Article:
The boats have always had a very “woody” look and feel to them, a product of copious teak topside, plus bulkheads and panels below built with tongue-in-groove styling and doors constructed of louvered sections and solid wood frames. The handwork involved and the high level of finish tell the tale of many man-hours by skilled cabinetmakers.

The two 45s we inspected showed how owners’ tastes can vary and how the builder succeeds in accommodating them. The older 45 had a teak interior, giving it the warmth and coziness of a traditional cruising boat with a typically darkish aura. The new boat, by contrast, was built for an owner who eschewed traditional interior design for white laminate bulkheads and panels that are trimmed with varnished teak. The effect is startlingly modern and makes the saloon very bright and welcoming. While the hulls and decks of the boats remain standard, each boat is built as a custom project for each individual owner.

The 45 was designed by Bill Crealock to be a world-voyaging boat stable enough, sturdy enough and comfortable enough to carry a couple safely through anything the sea might throw at them. A design evolution of the 34/36 and the 36/38, the 45 is a liveaboard home that allows its owners to be self-sufficient for long periods of cruising off the beaten track.

In a market that has adopted, for the most part, configurations based on fin keels and spade rudders, the 45 (like her little sisters) bucks the trend by sporting a full keel with a cutaway forefoot and a large keel-hung rudder. The propeller spins inside an aperture in the keel’s deadwood. While a conventional full keel does affect somewhat a boat’s windward ability in the modern vernacular, the choice of this traditional hull shape for a pure cruising boat makes a lot of sense in terms of hull integrity, motion at sea, directional stability and storage volume.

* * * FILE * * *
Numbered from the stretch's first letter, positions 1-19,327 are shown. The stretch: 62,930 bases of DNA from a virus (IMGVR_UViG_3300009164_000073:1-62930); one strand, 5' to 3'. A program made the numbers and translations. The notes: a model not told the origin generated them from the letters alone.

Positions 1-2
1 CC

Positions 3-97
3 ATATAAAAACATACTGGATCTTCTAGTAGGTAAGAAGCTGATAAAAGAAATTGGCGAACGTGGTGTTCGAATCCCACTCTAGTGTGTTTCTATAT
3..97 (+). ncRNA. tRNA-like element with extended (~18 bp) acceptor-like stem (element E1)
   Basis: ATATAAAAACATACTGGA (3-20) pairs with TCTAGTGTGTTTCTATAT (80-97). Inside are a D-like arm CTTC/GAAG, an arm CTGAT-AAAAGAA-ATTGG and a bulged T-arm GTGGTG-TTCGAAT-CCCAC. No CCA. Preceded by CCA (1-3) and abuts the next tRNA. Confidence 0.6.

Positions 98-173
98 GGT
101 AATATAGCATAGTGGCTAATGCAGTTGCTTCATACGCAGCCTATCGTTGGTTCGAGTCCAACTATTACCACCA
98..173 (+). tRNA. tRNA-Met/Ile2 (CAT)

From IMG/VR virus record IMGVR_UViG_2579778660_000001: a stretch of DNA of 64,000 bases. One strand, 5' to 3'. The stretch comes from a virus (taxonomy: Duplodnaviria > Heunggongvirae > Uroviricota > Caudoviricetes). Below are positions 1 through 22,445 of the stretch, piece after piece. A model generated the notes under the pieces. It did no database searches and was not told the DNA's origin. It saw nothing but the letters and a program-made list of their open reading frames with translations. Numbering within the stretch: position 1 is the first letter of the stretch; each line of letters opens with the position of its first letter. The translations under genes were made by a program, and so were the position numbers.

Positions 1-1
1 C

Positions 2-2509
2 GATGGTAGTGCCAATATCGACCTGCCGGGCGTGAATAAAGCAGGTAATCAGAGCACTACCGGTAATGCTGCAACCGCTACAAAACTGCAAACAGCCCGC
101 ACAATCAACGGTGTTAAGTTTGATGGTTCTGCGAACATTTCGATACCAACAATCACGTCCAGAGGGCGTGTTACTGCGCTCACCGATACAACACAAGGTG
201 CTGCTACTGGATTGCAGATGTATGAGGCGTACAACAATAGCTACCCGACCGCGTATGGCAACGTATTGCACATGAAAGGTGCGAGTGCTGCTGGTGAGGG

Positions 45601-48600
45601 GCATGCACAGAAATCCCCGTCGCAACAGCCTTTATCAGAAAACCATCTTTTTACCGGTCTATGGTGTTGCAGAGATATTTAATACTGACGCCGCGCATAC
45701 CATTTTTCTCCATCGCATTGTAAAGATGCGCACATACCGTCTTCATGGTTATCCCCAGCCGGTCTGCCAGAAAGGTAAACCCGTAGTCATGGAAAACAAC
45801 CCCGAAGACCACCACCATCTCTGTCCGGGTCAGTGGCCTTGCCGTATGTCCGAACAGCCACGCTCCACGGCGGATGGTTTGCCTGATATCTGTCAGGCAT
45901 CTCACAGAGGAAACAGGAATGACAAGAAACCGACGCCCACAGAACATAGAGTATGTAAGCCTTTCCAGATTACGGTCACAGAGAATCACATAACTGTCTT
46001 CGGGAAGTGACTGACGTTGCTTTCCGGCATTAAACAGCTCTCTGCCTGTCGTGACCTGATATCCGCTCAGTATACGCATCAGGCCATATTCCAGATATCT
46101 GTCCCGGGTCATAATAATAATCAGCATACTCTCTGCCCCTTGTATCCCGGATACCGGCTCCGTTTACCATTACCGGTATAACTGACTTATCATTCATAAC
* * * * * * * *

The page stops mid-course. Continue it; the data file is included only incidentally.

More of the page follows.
Moreover, the moderately heavy displacement of the hull combined with the full keel allows a couple or shorthanded crew to drive the boat very near hull speed for long periods without undue physical exertion. The ability to sleep well while on passage can make the difference between a safe journey and an exhausting, dangerous one. And, given the boat’s easy motion in a seaway, crew are less likely to be tossed about and injured while working on deck in heavy weather.

The 45’s hull form shows the signature clipper bow of the earlier boats with ample flare in the forward stations which combine to keep the decks dry in bouncy conditions. Low bulwarks all the way around the decks improve footing for the crew and keep wayward tools from slipping overboard. Aft, the 45 maintains ample beam right to the transom, adding power to the hull in reaching conditions, buoyancy in rough going, and interior volume for lockers and swinging room in the after cabin.